A recent Wall Street Journal article highlighted one of the risks of large-scale mobile deployment, one that I've been guilty of underestimating myself. The article's author attempted to buy a treadmill at mass-market US retailer Sears. The sales rep was sporting an iPad, and in what seemed to be a comedy of errors, it took several requests for customer information, and failed tethering and payment attempts, before the author was finally able to purchase the treadmill. In a "can this get any worse" twist, the sales rep ran out to apologize, mentioning his age and lack of training and familiarity with the tablet.
The unfamiliar tablet
Despite witnessing everyone from my 20-month-old son to octogenarians on the airplane seemingly able to understand the rudiments of operating a tablet, even familiarity with the devices does not necessarily equate to familiarity with your applications or process. A mobile interface ripe with cute controls and snappy colors doesn't excuse you from good interface and process design and equally good training.
Start with the journey
One mistake that's often made in designing user interfaces—one that's particularly deadly in a customer-facing environment such as retail—is letting requirements and functionality dictate how an application or process is designed. In a conference room that's literally and figuratively hundreds of miles from the front lines where your application will actually be used, it might seem like a great idea to build multi-page forms that demand reams of customer information, or spend hours discussing that cool feature that's more hindrance than help in the field.
In these situations, it's often better to consider a "journey," whereby you take into account what your customer will do and how to best serve them at each point in the interaction. In more complex cases, you might even come up with representative "pretend" customers, complete with demographic information, personality quirks (i.e. "demanding and not willing to take no for an answer"), and even a picture. The exercise comes alive when you debate whether "Bob" will really give you his phone number for a third time, or "Mary" will want to know about discounts and availability before she tells you her postal code.
Spend the time to consider how some predictable environmental changes might impact your customer and their journey. What happens if that fancy new tablet runs out of batteries in the middle of the transaction, or internet connectivity at the store drops, and your marvelous cloud application is completely inaccessible?
Journeys take you to functionality and training
Your journeys should identify everything from technical features and interface tweaks to high-level service level requirements. Your journeys will also force you to consider remedial action or customer quirks that you might not have considered. It may seem contrived initially, but after a day or two don't be surprised when you hear yourself passionately state that "‘Bob' would never wait 20 seconds for us to walk to pick up a receipt!"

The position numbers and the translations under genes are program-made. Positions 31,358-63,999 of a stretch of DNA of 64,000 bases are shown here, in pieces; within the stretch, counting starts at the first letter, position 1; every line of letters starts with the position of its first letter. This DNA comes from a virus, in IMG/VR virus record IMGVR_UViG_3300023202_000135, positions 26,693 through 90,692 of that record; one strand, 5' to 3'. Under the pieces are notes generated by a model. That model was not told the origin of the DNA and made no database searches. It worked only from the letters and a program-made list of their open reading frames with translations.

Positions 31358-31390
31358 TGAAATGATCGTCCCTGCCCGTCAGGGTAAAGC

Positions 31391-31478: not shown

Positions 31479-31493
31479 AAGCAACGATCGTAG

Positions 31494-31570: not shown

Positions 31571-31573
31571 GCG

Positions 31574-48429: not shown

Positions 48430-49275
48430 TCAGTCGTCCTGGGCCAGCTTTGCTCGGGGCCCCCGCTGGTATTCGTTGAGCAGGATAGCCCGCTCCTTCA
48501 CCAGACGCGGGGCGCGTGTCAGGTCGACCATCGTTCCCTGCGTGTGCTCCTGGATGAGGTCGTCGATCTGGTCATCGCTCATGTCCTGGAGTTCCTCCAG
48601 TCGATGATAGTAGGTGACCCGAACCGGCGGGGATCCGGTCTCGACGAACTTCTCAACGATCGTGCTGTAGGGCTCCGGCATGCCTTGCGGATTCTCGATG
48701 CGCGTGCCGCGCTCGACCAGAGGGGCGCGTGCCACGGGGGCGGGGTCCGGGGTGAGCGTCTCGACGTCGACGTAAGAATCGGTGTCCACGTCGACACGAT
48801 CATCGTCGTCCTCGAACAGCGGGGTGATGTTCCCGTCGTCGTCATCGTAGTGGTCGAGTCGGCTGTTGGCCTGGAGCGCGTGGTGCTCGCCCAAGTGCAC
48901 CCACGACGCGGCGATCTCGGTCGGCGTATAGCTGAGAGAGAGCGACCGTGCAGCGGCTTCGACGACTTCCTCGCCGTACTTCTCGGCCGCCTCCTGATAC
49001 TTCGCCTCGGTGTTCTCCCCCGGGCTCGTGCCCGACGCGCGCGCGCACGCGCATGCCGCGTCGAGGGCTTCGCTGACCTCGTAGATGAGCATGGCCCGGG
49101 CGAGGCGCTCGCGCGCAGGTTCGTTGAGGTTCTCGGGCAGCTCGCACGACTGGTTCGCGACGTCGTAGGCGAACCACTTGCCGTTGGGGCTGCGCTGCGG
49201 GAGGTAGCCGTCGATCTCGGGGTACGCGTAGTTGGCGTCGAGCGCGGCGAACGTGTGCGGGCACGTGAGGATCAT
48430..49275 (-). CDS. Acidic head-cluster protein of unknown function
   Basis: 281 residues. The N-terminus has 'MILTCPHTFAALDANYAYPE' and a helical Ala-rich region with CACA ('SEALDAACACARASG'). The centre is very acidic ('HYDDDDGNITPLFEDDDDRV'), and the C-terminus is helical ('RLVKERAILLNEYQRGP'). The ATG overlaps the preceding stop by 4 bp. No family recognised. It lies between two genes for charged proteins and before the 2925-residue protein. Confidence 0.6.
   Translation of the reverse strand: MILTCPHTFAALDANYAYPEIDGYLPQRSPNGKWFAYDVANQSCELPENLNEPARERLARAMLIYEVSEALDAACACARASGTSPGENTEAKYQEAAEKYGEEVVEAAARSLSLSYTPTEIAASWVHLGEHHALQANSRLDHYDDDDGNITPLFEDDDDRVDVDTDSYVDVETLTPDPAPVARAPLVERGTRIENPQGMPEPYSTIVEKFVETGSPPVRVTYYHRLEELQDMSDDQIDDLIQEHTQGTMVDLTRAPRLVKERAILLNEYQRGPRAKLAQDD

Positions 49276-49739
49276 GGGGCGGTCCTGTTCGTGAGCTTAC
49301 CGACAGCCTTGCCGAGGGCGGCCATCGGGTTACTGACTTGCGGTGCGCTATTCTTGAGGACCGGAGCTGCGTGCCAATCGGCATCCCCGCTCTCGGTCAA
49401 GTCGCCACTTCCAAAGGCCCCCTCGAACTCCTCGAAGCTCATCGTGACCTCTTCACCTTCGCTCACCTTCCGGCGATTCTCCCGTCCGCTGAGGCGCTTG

With this knowledge in hand, you can create training programs that are centered around a typical customer experience, rather than the usual IT training that focuses on which buttons to press and which data to enter. When systems are built in the context of a complete customer "experience" it's easier to train users, since you can identify how each screen and process fits into that overall experience.
Put on your lab coat
With a well-considered journey, a carefully developed application, and a scenario-based training program, it's worth taking your application into the lab, especially if it will drive a critical component of your product or its ancillary services. With retail, the tablet represents a fundamental change in a critical, core process: the checkout experience. In this case, it's worth creating a mockup of a store or using a real retail location and putting a handful of people fresh from training into the lab, testing the process and technology with mystery shoppers. If you're an enterprise rolling out a new tablet application, this may sound extreme, but a limited field trial can accomplish the same thing. Testing is certainly nothing new, but is usually performed by people on the team who have spent hundreds of hours conceptualizing or building the system. Throwing a few freshly-trained greenhorns "into the fire" in a controlled environment serves as both a final checkpoint and a test of the effectiveness of your training program.
Putting an existing process or application on a mobile device might seem like an easy and riskless process, but when it fundamentally alters a critical process in your business, far more than a new technology is involved. Considering the process from the perspective of a customer's journey, creating scenario-based training and testing the whole thing in the lab will help ensure your success.
Patrick Gray works for a global Fortune 500 consulting and IT services company and is the author of Breakthrough IT: Supercharging Organizational Value through Technology as well as the companion e-book The Breakthrough CIO's Companion. He has spent over a decade providing strategy consulting services to Fortune 500 and 1000 companies. Patrick can be reached at firstname.lastname@example.org, and you can follow his blog at www.itbswatch.com. All opinions are his and may not represent those of his employer.